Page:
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Preservation Law (HIPR 6200): The Law

Information and resources for the Master of Historic Preservation students

What is "The Law"

Law, simply put, is the formal pronouncement of the rules which guide our actions. Legislatures, state and federal, make laws. So do local governments. Executive branches and agencies implement laws through regulations. Courts enforce and interpret laws and regulations and settle disputes through their decisions.

The output of these law making bodies goes into print and online resources. The material produced by these groups becomes much of what is in law libraries and what lawyers consult during their legal research. The collection of materials are referred to by specific terminology:

  • Legislation (statutes, laws)
    • session laws, statutory codes
  • Regulations
    • administrative codes, registers
  • Court decisions or opinions
    • reports, reporter

Outline of the U.S. Legal System, Bureau of International Information Programs, United States Department of State (PDF)

So how does someone find the relevant law? How do you identify specific documents in these reporters and codes? First, keep in mind there is a great difference between retrieving a known document and researching or trying to find documents that help you answer a legal question. If you have a citation to a specific legal document like a statute or a court decision it is fairly easy to retrieve that specific document. [See the Citations tab.] Conducting actual legal research is much more complex. The legal publishing world has created a number of research aids:

  • Indexes are common to most fields. In law they are generally used to locate journal articles.
  • Legal encyclopedias function much the same way as a general encyclopedia.
  • Digests are a unique legal research tool that acts like a cumulative index to all court decisions.
  • Looseleaf services provide analysis, practice advice, and current updates to rapidly changing fields like tax and environmental law.
  • Treatises provide a scholarly, in-depth treatment of a topic and they can be very in-depth. For instance one set covering just federal civil procedure runs to 26 volumes.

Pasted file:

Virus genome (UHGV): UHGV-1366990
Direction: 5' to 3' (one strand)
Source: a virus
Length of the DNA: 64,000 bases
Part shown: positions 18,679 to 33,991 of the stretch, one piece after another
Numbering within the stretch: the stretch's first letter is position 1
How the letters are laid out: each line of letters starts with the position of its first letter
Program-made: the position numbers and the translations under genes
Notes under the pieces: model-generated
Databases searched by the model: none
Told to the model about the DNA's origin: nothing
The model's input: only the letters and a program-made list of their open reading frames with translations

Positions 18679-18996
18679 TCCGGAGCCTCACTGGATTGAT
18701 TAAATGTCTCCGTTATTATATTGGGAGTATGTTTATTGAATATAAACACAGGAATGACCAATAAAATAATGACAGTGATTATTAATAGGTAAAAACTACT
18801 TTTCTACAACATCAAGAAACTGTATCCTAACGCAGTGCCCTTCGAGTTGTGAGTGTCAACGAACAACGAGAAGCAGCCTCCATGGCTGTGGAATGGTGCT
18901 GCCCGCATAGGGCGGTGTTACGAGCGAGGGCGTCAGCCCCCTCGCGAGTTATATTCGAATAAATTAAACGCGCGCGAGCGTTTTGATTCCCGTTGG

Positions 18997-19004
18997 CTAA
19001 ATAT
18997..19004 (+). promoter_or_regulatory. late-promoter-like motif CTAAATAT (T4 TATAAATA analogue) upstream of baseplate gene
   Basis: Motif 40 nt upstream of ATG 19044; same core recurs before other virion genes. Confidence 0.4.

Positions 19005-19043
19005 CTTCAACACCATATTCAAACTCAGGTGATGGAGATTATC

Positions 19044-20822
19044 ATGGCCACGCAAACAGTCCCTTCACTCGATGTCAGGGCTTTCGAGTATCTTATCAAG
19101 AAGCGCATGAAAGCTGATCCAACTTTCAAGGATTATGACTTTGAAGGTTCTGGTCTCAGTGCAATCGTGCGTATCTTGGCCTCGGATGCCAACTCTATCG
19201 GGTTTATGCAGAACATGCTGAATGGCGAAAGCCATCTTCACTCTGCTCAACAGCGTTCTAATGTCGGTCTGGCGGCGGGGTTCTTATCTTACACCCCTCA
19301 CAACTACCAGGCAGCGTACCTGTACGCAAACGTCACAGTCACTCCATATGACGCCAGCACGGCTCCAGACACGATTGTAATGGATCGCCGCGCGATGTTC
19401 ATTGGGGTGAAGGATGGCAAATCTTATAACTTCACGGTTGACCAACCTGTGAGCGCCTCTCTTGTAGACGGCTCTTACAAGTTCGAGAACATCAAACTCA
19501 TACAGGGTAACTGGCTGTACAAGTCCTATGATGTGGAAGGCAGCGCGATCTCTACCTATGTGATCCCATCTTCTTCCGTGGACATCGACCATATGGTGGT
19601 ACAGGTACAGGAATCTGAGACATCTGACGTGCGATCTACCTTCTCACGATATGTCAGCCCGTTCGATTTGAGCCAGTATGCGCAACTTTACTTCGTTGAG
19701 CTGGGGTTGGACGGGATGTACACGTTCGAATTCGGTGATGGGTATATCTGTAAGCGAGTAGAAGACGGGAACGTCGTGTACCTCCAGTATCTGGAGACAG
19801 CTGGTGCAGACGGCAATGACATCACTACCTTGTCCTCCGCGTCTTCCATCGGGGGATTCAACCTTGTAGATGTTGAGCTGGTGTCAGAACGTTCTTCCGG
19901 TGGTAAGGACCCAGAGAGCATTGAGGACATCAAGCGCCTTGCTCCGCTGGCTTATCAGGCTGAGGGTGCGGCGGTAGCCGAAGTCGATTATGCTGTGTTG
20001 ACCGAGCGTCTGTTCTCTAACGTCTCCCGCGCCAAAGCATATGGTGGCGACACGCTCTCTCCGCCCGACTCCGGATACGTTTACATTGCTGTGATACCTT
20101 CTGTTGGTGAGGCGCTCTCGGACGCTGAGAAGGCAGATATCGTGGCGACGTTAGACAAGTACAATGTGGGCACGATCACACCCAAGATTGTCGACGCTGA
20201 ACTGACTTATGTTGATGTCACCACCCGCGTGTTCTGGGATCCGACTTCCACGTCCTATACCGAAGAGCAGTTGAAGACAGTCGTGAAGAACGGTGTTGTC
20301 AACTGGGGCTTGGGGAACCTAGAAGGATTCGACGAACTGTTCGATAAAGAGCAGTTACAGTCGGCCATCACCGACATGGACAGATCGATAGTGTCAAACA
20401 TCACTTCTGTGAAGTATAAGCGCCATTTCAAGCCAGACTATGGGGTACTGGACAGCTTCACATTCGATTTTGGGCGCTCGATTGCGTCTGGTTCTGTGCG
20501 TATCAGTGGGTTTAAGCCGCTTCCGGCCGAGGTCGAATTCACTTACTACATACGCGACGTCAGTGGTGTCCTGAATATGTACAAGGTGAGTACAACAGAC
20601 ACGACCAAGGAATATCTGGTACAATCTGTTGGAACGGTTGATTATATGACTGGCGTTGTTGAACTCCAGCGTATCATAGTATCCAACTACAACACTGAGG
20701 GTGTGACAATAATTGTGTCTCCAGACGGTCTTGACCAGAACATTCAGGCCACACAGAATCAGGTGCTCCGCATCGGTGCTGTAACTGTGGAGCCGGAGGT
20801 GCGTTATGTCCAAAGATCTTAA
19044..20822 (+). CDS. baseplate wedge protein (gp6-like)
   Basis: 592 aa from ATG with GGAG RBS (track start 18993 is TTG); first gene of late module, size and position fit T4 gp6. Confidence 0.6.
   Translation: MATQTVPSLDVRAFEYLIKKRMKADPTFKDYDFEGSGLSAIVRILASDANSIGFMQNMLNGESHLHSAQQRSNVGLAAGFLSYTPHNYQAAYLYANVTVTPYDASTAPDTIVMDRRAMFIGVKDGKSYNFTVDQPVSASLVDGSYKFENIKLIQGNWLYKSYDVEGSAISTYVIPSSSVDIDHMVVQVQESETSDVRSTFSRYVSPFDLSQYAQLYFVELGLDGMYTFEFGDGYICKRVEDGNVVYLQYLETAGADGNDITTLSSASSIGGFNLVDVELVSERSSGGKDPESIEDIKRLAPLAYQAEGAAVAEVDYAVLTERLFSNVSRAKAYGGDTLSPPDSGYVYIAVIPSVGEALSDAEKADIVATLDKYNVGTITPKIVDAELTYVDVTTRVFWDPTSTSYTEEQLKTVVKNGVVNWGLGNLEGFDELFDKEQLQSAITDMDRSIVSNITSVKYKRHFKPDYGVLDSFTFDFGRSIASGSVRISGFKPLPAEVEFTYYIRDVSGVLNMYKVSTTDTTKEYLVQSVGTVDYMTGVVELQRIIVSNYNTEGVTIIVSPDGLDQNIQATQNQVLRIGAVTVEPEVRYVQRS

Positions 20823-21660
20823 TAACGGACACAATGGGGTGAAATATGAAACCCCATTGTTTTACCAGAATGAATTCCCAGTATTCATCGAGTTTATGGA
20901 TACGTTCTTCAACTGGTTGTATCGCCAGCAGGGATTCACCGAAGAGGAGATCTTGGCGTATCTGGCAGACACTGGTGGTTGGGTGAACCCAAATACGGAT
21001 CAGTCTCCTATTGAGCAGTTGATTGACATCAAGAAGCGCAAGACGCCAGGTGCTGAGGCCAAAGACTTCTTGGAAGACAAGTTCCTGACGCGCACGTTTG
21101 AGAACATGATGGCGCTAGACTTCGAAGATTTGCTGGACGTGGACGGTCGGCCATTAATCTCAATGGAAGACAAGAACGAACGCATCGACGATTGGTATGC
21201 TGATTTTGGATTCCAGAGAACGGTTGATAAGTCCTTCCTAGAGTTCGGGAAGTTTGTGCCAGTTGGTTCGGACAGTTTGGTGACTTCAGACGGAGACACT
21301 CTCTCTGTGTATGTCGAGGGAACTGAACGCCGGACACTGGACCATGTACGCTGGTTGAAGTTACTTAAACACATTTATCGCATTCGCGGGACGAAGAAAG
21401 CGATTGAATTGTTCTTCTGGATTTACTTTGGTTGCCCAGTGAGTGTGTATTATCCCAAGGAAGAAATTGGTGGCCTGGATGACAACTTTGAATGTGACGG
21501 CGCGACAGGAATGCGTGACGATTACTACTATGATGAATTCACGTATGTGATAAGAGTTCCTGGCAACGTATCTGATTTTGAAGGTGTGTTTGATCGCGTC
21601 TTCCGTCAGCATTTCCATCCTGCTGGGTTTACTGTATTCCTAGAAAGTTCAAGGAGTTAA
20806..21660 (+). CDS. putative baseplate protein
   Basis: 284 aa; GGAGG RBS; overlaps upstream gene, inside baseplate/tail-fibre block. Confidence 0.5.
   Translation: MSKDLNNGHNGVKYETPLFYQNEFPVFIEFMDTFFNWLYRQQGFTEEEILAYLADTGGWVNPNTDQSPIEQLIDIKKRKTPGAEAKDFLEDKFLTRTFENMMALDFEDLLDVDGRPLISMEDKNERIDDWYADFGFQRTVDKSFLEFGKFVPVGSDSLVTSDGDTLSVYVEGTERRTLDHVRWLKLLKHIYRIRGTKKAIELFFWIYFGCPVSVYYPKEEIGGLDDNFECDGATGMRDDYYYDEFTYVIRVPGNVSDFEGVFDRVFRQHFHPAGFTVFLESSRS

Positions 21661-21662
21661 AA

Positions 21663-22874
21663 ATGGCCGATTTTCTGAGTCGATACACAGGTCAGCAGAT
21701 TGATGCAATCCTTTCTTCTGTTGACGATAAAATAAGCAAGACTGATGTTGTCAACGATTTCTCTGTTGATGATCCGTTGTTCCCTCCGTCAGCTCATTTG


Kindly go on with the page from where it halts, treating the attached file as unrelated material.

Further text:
Online Legal Research Sites

      Findlaw - learn about the law, browse the legal forums, subscribe to a legal blog
      Legal Information Institute - explore the legal collections, stay updated, ask a legal question. From Cornell University Law School
      Justia - ask legal questions, primary law materials for the state and federal levels, subscribe to a legal blog 
      Public Library of Law - a searchable interface to a large collection of free primary law materials for the state and federal levels.  Created by Fastcase

Briefing Cases

There are two kinds of "briefs". The appellate brief is written by an attorney and lays out a legal argument presented to an appellate court. The student brief is a short summary and analysis of the case to use in classroom discussion. When a professor says "I want you to brief Miranda v. Arizona, 384 U.S. 436 (1966)", he wants you to prepare a summary and analysis of the court's opinion and be ready to discuss the case.


Google Scholar


Notice the two broad search settings.

  1. Articles (deselect patents unless you really want patents) 
    1. This selection is most effective if you are looking for a specific journal title or an article you know exists.
    2. You can search by author, publication, and date. 
  2. Case law
    1. If searching for case law, you then have the option to limit to particular courts.

Under Settings (if logged into your Google account)

  1. Go to Library Links
  2. Search for University of Georgia
  3. Select both University of Georgia options
  4. Resources held by the Main Library and the Law Library will be linked

Guide to Using Google Scholar and Other Free Legal Research Tools

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